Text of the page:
Billy Frank Jr. is widely remembered for his work securing tribal fishing rights during the Fish Wars of the 1960s and 1970s.
COMMUNITY NISQUALLY Indian, Wash. — The United States Navy honors one of the Nisqually Tribe’s most prominent activists, Billy Frank Jr.
Last week, the Navy announced that it would be naming a Navajo-class ship in his honor.
His son, Nisqually Tribe President William Frank III, couldn’t be prouder.
“This almost completes the whole circle of respect for our Indigenous peoples, our Indigenous peoples who have gone out and served this great country,” he said.
Billy Frank Jr.’s acting career began in 1945 when he was arrested for fishing in the Nisqually River. Since then, he began participating in and organizing “fishing” events, and emerged as a key figure in the Fish Wars of the 1960s and 1970s.
Frank has been arrested more than 50 times for violating Washington state law.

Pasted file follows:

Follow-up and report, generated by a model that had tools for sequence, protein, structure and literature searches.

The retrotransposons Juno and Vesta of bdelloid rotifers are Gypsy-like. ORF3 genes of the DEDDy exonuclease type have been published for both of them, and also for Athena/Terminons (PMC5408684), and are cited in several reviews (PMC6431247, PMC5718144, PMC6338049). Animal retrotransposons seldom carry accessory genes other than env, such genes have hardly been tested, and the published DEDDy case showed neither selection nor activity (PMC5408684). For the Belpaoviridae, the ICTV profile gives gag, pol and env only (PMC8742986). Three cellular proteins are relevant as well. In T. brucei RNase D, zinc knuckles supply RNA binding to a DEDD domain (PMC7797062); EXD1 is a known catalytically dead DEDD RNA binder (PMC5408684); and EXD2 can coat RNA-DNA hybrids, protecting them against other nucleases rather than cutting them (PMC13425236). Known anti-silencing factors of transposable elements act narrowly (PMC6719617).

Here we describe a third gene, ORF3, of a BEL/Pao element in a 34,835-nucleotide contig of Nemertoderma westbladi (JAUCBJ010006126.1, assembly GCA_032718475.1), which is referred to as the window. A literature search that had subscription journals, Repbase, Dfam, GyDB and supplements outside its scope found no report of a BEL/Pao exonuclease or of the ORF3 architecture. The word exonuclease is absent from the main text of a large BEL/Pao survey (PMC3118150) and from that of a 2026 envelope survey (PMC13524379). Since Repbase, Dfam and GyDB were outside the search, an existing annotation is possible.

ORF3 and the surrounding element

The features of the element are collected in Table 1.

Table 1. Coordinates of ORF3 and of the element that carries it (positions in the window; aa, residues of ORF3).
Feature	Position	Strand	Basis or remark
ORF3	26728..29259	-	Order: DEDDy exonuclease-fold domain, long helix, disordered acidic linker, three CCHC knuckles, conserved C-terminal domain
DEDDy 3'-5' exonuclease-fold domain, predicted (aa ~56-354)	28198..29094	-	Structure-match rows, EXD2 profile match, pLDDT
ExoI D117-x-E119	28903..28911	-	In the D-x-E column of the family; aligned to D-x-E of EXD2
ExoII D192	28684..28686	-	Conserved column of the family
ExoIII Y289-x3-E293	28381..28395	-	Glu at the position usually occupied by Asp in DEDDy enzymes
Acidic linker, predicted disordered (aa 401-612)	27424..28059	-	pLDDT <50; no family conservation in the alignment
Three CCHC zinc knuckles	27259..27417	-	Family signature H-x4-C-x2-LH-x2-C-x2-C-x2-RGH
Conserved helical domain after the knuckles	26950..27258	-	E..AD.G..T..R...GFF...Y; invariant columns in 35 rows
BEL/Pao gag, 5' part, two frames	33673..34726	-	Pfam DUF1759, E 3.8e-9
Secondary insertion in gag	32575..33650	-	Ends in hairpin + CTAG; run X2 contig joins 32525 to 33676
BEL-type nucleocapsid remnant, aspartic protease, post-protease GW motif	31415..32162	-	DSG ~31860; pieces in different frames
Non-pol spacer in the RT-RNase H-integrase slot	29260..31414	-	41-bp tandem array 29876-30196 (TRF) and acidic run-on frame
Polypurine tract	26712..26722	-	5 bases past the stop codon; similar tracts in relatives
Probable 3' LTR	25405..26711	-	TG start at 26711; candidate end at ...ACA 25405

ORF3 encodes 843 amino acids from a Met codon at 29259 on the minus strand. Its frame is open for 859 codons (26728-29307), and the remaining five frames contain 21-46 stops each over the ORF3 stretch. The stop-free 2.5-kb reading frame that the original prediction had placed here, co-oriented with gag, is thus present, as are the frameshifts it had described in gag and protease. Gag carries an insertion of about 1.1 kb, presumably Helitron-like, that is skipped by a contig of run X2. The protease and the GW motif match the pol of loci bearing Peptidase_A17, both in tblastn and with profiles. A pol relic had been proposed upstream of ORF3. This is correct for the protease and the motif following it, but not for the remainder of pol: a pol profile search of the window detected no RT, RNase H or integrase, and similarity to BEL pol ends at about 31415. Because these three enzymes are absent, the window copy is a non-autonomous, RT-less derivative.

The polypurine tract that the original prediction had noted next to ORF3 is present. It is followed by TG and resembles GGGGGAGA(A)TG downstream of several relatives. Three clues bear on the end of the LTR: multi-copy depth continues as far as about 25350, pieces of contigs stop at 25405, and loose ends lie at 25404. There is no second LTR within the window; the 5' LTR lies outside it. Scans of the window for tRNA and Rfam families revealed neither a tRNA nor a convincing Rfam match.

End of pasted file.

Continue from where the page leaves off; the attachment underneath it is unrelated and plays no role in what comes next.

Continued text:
But in 1975, the Federal District Court in Tacoma ruled that Frank and other members of the tribe had the right to fish in their familiar and familiar places.
Now, nearly 50 years later, Frank III says he is grateful for the work his father and other elders did to ensure that his tribe has a place to call home and work to bring do the same for future generations.
“We are the ones running the business when no one else wants to do it,” says Frank. “We are the people who pull trees out of the river, we are the people who make sure our fish have cold, clean, healthy water to swim in, and we are also the ones who make sure that the federal, state , and local authorities, they are responsible, not to us, not to themselves, but to Mother Earth.”